Where is Home? Sermon for August 7, 2016 (Pent +12) – The Rev. Thomas Eoyang

From the letter to the Hebrews: “They confessed that they were strangers and foreigners on the earth, for people who speak in this way make it clear that they are seeking a homeland. . . . They desire a better country, that is, a heavenly one.” And from our gospel reading: “Do not be afraid, little flock, for it is your Father’s good pleasure to give you the kingdom.”

Home. How many of you have lived in Watertown all your lives? How many have lived here at least ten years? Well, in my life I think I’ve lived in about ten cities in the United States, and once abroad for short while. But I always count myself a native of New York City, where I lived from birth until I went away to college. No matter where else I’ve lived in my life, that apartment in that building in West Harlem on the island of Manhattan is the only place I think of as “home.”

Yet, in some ways, I’ve never been home, even in Apartment 3J. I don’t know how many of you have heard of the idea of Asian Americans as perpetual foreigners, which many Asian Americans experience whenever people ask us where we’re from. I’ll say, “I moved here from Philadelphia,” and they say, “No, where are you really from?” Then I say, “I was born and raised in New York City,” and they say, “No, really.” Only when I am able to name the provinces of China where my mother and father were born are they satisfied. No one asking an American of European descent “Where are you from?” is looking for an answer like “County Clare” or “Umbria.” No one asking an African American “Where are you from?” keeps asking until they hear “Accra,” “Lagos,” or “Yaoundé.”

I must stop here and tell you that not once, in the time I have worshipped with you, has any of you at Good Shepherd ever asked me a question like this. I thank you, not for your carefulness, but for letting me believe that it simply hasn’t occurred to you to imply unconsciously that this is not my home, to commit what some call “a micro-aggression.”

These micro-aggressions don’t happen often, but just often enough—at my ordination to the priesthood, for example— so that I don’t ever forget that some people will always assume that the U.S. is not my home. And, of course, I’m not the only one in this situation. Even a two-term native-born president of the United States can have the same things said about him.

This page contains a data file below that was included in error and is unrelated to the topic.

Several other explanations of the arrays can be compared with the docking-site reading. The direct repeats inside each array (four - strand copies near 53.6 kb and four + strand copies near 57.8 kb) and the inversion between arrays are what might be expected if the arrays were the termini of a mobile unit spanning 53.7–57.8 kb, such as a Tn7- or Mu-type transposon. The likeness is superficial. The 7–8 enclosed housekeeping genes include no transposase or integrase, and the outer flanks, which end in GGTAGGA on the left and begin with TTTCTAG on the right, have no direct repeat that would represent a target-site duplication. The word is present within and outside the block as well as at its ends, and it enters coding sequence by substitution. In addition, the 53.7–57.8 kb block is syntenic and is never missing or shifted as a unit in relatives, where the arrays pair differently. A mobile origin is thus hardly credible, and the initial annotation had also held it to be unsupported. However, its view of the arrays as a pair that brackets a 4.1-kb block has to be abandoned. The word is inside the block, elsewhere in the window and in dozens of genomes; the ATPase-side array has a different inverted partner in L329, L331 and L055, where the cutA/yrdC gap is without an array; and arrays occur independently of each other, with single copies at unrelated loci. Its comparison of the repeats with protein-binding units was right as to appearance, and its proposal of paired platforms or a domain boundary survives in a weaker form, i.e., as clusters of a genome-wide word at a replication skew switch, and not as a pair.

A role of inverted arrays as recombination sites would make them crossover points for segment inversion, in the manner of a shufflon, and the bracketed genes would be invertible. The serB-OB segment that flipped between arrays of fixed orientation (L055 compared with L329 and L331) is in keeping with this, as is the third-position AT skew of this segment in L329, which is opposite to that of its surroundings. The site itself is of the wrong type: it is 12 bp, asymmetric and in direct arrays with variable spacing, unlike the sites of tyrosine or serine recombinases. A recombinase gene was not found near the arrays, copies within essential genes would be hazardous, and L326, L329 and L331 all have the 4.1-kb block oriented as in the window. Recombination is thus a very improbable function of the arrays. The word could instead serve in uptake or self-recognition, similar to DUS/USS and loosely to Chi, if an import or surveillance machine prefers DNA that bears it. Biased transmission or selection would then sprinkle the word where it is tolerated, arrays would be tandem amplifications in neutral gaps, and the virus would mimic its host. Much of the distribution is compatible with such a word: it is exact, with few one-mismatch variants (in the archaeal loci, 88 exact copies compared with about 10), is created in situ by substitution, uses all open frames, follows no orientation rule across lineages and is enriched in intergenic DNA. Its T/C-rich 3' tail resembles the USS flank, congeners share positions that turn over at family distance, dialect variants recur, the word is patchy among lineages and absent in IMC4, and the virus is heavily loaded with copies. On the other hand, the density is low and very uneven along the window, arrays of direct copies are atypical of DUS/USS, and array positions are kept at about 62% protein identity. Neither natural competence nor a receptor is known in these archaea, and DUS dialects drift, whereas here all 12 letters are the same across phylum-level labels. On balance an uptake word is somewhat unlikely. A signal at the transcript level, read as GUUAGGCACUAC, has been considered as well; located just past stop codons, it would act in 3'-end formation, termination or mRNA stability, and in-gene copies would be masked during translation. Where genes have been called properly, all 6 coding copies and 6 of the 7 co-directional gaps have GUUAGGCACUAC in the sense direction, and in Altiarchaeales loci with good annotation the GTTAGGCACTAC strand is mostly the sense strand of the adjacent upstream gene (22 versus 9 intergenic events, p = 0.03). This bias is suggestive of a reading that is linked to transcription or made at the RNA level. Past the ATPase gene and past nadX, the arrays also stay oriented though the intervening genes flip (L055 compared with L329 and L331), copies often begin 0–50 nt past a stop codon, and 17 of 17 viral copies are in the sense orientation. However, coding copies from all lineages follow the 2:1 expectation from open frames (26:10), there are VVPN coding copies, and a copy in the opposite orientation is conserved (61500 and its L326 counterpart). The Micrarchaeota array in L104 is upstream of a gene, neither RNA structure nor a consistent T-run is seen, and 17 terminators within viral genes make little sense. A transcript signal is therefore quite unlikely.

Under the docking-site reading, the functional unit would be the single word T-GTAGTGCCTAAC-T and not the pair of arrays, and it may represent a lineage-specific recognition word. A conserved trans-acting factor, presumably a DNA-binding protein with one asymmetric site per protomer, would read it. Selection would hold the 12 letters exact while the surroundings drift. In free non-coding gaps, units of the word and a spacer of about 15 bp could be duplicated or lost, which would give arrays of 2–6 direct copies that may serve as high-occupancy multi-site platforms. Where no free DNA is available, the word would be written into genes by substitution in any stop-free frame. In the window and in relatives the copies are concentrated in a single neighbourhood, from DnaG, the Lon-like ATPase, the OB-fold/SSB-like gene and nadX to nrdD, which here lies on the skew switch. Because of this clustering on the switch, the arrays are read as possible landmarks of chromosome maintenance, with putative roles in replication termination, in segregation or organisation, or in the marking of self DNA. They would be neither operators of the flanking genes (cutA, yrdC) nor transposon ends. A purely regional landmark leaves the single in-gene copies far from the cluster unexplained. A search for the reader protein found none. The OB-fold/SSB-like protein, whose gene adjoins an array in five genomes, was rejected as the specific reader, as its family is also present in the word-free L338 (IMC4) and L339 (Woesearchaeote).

Now, I’m not whining about how racism has made my life miserable, because of course on balance my life has been one of incredible blessing, prosperity, privilege, and grace. But having to wrestle with this question of “home” has made certain stories and themes that run through scripture more suggestive to me than they might be otherwise.

“By faith Abraham obeyed when he was called to set out for a place that he was to receive as an inheritance; and he set out, not knowing where he was going. By faith he stayed for a time in the land he had been promised, as in a foreign land, living in tents.” We know that after Abraham and his family settled in the land of Canaan, his descendants moved again and went to Egypt, where they were strangers once more. Then after many years they wandered the desert before returning to Canaan, where they were strangers all over again, struggling with the people who inhabited the land. Then, much later, the descendants of Abraham’s descendants are exiled in Babylon and Persia; they are dispersed into the Greek world and then the Roman Empire, and then, finally, they scatter over the face of Europe and the entire planet.

In the New Testament, the followers of Jesus Christ also scatter all over the globe, instructed by Jesus to bring the good news of God’s love to strangers in faraway places. Paul travels all over the Mediterranean—he said he planned to go as far as Spain—spreading the good news of God in Christ and founding churches in Greek cities. Thomas, the apostle we call the “doubter,” was said to have taken the Christian faith to India. Scripture is basically one continuous story of people scattering far from home.